Jocelyn Cornwell: How can organisations support patients to lead quality improvement?

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Jocelyn Cornwell, Director, the Point of Care Foundation and Senior Fellow, The King's Fund spoke on the benefits of involving patients in leadership at our 2013 Leadership Summit. She drew on her experience of the Point of Care Programme and examples from other organisations, including Kingston General Hospital in Canada, to prove that once you involve patients and carers in quality improvements, the changes stick.

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Jocelyn Cornwell: How can organisations support patients to lead quality improvement?

  1. 1. How can organisations supportpatients to lead qualityimprovement?The King’s Fund Leadership ConferenceMay 2013Jocelyn CornwellSenior Fellow, The King’s FundDirector, The Point of Care Foundation
  2. 2. Patient and family centred care : “the most disruptive innovationin healthcare over the next decade: upsetting the traditionalbalance of power between patients, care providers and decision-makers.”We should not underestimate the sizeof the task
  3. 3. Promoting the involvement of patients is astatutory dutyThe Health and Social Care Act 20123H The Board must […] promote the involvement of patients,and their carers and representatives (if any), in decisionswhich relate to: (a) the prevention or diagnosis of illness inthe patients, or (b) their care or treatment.14U Each clinical commissioning group must […]promote theinvolvement of patients, and their carers and representatives(if any), in decisions which relate to: (a) the prevention ordiagnosis of illness in the patients, or (b) their care ortreatment.
  4. 4. ……and a rightThe NHS ConstitutionYou have the right to be involved in discussions and decisionsabout your health and care, including your end of life care, andto be given information to enable you to do this. Whereappropriate this right includes your family and carers.You have the right to be involved, directly or throughrepresentatives, in the planning of healthcare servicescommissioned by NHS bodies, the development andconsideration of proposals for changes in the way those servicesare provided, and in decisions to be made affecting theoperation of those services.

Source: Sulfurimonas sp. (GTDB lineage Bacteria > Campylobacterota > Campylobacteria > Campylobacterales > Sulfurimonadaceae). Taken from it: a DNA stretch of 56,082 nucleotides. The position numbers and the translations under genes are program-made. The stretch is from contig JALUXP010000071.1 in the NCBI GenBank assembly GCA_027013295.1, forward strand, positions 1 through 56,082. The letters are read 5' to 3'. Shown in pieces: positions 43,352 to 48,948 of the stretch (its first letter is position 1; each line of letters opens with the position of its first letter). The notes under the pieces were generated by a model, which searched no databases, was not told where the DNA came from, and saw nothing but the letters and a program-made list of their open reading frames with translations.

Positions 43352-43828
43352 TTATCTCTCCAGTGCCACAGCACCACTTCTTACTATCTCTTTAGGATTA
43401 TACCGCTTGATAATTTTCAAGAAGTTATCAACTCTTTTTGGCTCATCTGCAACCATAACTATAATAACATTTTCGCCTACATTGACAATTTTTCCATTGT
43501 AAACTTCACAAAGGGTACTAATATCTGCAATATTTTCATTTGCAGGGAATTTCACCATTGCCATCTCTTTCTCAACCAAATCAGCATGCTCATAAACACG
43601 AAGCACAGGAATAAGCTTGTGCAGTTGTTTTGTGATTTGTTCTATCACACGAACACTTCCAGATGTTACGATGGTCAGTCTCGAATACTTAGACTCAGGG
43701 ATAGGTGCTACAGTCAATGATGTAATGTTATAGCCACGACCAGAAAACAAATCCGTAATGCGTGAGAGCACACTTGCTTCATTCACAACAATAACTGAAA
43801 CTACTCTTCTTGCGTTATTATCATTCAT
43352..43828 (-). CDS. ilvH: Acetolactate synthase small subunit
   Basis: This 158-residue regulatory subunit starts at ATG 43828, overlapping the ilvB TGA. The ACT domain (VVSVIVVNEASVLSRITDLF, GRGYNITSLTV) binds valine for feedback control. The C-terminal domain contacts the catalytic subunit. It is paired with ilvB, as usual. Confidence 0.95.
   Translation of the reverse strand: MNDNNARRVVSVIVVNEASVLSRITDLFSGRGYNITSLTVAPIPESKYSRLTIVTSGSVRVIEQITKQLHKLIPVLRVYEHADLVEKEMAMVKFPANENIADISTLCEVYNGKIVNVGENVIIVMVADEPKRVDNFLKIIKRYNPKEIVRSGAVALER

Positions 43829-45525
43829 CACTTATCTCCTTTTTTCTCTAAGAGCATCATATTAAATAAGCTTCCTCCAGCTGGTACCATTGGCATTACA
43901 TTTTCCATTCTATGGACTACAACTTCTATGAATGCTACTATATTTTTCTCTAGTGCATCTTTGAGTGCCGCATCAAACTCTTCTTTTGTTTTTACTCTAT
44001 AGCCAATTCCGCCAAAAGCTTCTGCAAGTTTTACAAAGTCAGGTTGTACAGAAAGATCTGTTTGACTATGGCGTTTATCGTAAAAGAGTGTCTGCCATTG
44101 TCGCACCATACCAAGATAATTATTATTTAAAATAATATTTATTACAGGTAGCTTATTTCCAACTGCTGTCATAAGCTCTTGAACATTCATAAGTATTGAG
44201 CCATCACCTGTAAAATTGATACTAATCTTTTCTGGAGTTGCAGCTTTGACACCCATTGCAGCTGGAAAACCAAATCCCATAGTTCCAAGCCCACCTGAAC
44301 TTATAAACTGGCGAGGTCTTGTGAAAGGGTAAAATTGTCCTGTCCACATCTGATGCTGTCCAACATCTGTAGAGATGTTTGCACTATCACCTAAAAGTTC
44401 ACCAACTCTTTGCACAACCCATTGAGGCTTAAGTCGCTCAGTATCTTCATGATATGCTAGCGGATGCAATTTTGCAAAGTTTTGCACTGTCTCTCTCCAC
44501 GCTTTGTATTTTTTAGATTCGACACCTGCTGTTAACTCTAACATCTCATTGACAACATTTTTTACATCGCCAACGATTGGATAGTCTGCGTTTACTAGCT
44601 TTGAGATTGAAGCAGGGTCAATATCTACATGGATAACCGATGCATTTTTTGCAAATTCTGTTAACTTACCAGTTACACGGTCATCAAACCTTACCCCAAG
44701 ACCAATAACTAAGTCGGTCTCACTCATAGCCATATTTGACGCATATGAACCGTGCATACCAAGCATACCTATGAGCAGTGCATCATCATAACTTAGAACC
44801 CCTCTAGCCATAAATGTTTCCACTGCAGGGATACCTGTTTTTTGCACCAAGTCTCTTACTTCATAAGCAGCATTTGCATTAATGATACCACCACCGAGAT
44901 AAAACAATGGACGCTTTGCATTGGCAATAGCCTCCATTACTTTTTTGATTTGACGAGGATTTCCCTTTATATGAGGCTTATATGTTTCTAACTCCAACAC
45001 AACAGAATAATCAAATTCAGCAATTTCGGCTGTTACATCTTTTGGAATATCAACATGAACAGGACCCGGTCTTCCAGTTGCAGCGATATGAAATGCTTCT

5. 5. When patients are involved the focuschanges‘Small things’Relational aspects of the serviceAnd transactions– Unreliable process– Duplication– Fragmentation– Waste– Inefficiency
  6. 6. Outcomes for the organisationSTAFF ENGAGEMENTREPUTATIONRELIABILITYCOST?
  7. 7. “What would it be like if patients ran our hospital?”
  8. 8. Patient Centred Leadership ChecklistLeslee Thompson, CEO, KGH1. Does this decision have a material impact on the experience of patients?If so, was a patient at the table to help shape it? If not, what steps will Itake to fix this?2. What have I done to give a voice to the patient if they are not there todo it for themselves?3. Have I turned the statistics I am working with into statements aboutpeople?4. What have I learned from a patient today?5. What story have I told about something that madea positive difference to patients’ experience in myorganisation today?
  9. 9. The scale of the challenge
  10. 10. Lessons from the Point of Care: whatleaders doAuthenticity1. The current state and the vision2. Explain how it fits with strategic goals3. Use language that chimes with different groups4. Engage non executive directors5. Analyse the requirements: resources andcapabilities6. Track and feedback progress
  11. 11. Useful resources1. http://www.invo.org.uk/2. http://centreforpatientleadership.com/3. http://www.kingsfund.org.uk/projects/point-care/ebcd/experience-based-co-design-intro4. http://www.kingsfund.org.uk/projects/patient-and-family-centred-care

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